re posted from nomorefakenews.com
Does HIV exist? An explosive interview
Does HIV exist? An explosive interview
by Jon Rappoport
April 4, 2016
The interview, conducted by excellent freelance journalist, Christine Johnson, delves into these questions:
How should researchers prove that a particular virus exists? How should they isolate it? What are the correct procedures?
These questions, and their answers, reside at the heart of most disease research—and yet, overwhelmingly, doctors never explore them or even consider them.
Johnson interviews Dr. Eleni Papadopulos, “a biophysicist and leader of a group of HIV/AIDS scientists from Perth in Western Australia. Over the past decade and more she and her colleagues have published many scientific papers questioning the HIV/AIDS hypothesis…”
I strongly suggest you read the whole interview. Here I’m publishing and highlighting excerpts. Technical issues are discussed. Grasping them is not the easiest exercise you’ve ever done, but I believe the serious reader can comprehend the vital essentials.
CJ: Does HIV cause AIDS?
EPE: There is no proof that HIV causes AIDS.
CJ: Why not?
EPE: For many reasons, but most importantly, because there is no proof that HIV exists.
CJ: Didn’t Luc Montagnier and Robert Gallo [purportedly the co-discoverers of HIV] isolate HIV back in the early eighties?
EPE: No. In the papers published in Science by those two research groups, there is no proof of the isolation of a retrovirus from AIDS patients. [HIV is said to be a retrovirus.]
CJ: They say they did isolate a virus.
EPE: Our interpretation of the data differs. To prove the existence of a virus you need to do three things. First, culture cells and find a particle you think might be a virus. Obviously, at the very least, that particle should look like a virus. Second, you have to devise a method to get that particle on its own so you can take it to pieces and analyze precisely what makes it up. Then you need to prove the particle can make faithful copies of itself. In other words, that it can replicate.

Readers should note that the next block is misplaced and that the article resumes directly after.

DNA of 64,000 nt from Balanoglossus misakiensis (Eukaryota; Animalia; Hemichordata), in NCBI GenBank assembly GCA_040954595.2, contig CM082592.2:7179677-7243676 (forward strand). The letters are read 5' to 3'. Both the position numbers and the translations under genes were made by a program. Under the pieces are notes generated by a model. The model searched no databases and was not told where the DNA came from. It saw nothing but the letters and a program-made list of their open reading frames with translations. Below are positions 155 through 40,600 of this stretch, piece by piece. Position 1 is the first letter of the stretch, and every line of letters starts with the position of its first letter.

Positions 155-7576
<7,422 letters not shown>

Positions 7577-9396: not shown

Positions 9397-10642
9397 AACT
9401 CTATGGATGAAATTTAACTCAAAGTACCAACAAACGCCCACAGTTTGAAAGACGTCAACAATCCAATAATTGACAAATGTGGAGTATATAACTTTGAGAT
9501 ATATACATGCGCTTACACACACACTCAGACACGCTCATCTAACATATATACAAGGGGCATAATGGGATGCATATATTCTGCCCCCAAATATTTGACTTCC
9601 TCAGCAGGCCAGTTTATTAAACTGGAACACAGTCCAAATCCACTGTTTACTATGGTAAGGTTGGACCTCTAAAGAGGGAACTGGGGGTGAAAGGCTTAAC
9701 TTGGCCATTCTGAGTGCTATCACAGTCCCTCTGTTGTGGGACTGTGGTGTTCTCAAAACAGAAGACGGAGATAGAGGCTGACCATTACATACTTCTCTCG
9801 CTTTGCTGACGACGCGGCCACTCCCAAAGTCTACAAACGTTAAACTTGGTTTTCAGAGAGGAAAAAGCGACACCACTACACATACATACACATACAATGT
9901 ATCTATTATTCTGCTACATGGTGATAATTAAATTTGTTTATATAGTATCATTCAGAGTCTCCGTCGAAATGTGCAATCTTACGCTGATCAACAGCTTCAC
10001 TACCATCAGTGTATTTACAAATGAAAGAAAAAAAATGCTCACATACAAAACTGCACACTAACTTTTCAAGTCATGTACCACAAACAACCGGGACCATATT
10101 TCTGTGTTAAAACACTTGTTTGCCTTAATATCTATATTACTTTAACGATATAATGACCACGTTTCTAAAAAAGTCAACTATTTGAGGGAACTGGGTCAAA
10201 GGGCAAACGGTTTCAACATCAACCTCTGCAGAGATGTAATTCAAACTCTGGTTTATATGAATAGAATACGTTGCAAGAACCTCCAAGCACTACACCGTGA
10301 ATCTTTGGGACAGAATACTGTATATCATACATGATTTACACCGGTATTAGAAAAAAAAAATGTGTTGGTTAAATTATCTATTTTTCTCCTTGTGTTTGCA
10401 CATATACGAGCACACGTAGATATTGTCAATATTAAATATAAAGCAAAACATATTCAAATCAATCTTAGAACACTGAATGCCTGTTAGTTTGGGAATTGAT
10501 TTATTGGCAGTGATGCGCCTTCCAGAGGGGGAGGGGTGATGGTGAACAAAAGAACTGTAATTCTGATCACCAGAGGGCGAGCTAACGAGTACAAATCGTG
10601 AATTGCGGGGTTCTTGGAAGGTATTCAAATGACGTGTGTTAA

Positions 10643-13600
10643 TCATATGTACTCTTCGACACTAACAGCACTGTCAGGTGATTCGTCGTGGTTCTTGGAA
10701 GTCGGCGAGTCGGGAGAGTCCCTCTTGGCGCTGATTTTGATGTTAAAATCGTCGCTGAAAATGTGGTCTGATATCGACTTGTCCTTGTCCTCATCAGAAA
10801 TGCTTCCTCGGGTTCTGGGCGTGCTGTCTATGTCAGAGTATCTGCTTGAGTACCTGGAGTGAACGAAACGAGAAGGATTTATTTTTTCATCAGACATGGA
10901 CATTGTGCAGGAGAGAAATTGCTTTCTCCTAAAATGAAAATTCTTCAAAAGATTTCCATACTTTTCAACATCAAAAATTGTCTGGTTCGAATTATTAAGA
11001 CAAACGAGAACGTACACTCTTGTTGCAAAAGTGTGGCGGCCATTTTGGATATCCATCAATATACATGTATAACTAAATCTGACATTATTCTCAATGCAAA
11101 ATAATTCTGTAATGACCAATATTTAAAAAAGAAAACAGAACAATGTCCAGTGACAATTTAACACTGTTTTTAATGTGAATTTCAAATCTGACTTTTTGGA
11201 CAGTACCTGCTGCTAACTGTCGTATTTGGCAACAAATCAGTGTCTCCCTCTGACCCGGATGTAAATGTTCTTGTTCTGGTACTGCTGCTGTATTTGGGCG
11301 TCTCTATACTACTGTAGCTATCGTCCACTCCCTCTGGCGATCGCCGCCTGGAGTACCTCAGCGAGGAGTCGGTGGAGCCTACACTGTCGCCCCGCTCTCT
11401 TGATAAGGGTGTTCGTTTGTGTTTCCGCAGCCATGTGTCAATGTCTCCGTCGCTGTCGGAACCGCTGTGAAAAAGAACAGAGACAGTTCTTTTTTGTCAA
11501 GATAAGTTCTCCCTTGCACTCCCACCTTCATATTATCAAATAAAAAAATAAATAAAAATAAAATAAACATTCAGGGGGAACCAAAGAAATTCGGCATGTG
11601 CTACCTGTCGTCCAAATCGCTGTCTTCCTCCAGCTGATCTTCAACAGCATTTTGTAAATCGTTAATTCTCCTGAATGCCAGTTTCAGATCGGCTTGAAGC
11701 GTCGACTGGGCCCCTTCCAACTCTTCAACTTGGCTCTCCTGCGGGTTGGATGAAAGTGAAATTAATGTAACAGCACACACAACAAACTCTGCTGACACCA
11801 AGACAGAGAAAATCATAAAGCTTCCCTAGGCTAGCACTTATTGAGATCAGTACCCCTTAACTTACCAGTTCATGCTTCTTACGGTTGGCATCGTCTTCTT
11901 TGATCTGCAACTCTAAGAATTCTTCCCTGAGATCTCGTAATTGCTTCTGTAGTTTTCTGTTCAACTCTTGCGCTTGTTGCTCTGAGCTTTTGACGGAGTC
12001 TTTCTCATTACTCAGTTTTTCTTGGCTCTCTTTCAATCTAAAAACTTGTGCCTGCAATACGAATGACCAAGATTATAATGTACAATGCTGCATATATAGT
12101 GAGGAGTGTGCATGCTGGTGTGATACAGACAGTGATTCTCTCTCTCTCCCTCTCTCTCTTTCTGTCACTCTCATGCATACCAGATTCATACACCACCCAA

CJ: Can’t you just look down a microscope and say there’s a virus in the cultures?
EPE: No, you can’t. Not all particles that look like viruses are viruses.
CJ: My understanding is that high-speed centrifugation is used to produce samples consisting exclusively of objects having the same density, a so-called “density-purified sample.” Electron microscopy is used to see if these density-purified samples consist of objects which all have the same appearance — in which case the sample is an isolate — and if this appearance matches that of a retrovirus, in terms of size, shape, and so forth. If all this is true, then you are three steps into the procedure for obtaining a retroviral isolate. (1) You have an isolate, and the isolate consists of objects with the same (2) density and (3) appearance of a retrovirus. Then you have to examine this isolate further, to see if the objects in it contain reverse transcriptase [an enzyme] and will replicate when placed in new cultures. Only then can you rightfully declare that you have obtained a retroviral isolate.